Scottish seagrass and oyster restoration project to benefit Forth marine life and tackle climate change
Pioneering work to create thriving seagrass meadows and native oyster populations in the Firth of Forth has begun.
The £2.4 million project, Restoration Forth, will improve the local marine ecosystem and help to tackle climate change.
It kicks off just days before world leaders are due to gather in Glasgow for the United Nations climate summit COP26, which is seen as the most important international negotiations yet in the battle against environmental breakdown.
Seagrass, often described as the ocean’s unsung hero, provides important habitat for marine life and is an efficient store for climate-warming carbon emissions.
Oyster reefs, which once flourished in the Forth estuary before being fished to extinction, remove pollutants from the water and provide sanctuary for a wide variety of sea life.
Restoring the two species is predicted to have multiple benefits, including enhancing the coastal environment, offering nature-based methods of soaking up greenhouse gases and encouraging local people to connect with the sea.
Over the course of the project, which runs over three years, around four hectares of seagrass meadows will be restored and 30,000 oysters introduced in the Forth.
Support for the scheme has come from the ScottishPower Foundation’s new Marine Biodiversity Fund, which was set up to mark COP26 coming to Scotland.
The grant – totalling £600,000 over three years – is the first award from the fund and the biggest ever provided by the ScottishPower Foundation.
Restoration Forth will be managed by conservation group WWF, in partnership with scientists, charities and local community groups.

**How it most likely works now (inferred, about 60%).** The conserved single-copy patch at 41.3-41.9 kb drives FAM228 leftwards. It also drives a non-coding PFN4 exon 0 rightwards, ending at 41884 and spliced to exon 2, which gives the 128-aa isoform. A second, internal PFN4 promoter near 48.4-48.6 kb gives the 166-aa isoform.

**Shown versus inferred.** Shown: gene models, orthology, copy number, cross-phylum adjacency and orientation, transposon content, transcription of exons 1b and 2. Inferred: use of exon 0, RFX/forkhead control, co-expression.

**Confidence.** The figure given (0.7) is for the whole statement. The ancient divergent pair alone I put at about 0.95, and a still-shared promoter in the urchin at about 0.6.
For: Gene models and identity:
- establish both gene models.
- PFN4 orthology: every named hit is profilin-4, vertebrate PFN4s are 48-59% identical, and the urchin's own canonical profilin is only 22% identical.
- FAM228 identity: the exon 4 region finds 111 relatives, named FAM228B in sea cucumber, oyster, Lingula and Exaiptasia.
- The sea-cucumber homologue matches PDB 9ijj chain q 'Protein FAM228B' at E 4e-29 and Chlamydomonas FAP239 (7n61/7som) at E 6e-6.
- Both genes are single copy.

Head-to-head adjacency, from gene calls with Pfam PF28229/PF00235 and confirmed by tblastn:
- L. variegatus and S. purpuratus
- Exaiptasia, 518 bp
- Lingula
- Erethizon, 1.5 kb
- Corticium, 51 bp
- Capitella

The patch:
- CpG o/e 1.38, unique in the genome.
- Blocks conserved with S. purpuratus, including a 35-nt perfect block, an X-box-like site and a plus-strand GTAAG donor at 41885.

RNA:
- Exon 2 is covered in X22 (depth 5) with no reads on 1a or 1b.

“Coastal habitats like seagrass meadows and oyster reefs are vital to a thriving marine environment, but across the UK we’ve seen their steep decline over the last century,” said Ricardo Zanre, ocean restoration programme manager for WWF.
“This is a concerning loss in so many ways – for the homes they provide for marine life, their value in absorbing carbon dioxide and improving water quality and their importance as heritage for coastal communities.
“The Forth is an amazing example of a place where local communities working to restore coastal habitats can not only help to bring back these benefits, but also to strengthen the connection between nature and community.
“We’re hugely grateful to the ScottishPower Foundation for sharing this vision and their support in helping to achieve it.”
Melanie Hill, executive officer and trustee of the ScottishPower Foundation, said: “We’re really excited that Restoration Forth is the first project supported by our Marine Biodiversity Fund.
“With COP26 about to get under way, the climate emergency is very much at the forefront of all our thoughts and there is no time to waste.”
She added: “This incredible work in the Firth of Forth will provide a blueprint for restoring ecosystems through a collaborative community approach.
“It has the potential to be used as a model for marine biodiversity restoration projects across Scotland and around the world, ensuring the foundation will help create a positive climate legacy for years to come.”
Partners supporting WWF to deliver Restoration Forth include Edinburgh Shoreline Project, Fife Coast & Countryside Trust, Heriot Watt University, Marine Conservation Society, Project Seagrass, Royal Botanic Garden Edinburgh, Scottish Seabird Centre, The Ecology Centre, The Heart of Newhaven Community and Wardie Bay Beachwatch.
A message from the Editor:
Thank you for reading this article. We’re more reliant on your support than ever as the shift in consumer habits brought about by coronavirus impacts our advertisers.
If you haven’t already, please consider supporting our trusted, fact-checked journalism by taking out a digital subscription.
Want to join the conversation? Please or to comment on this article.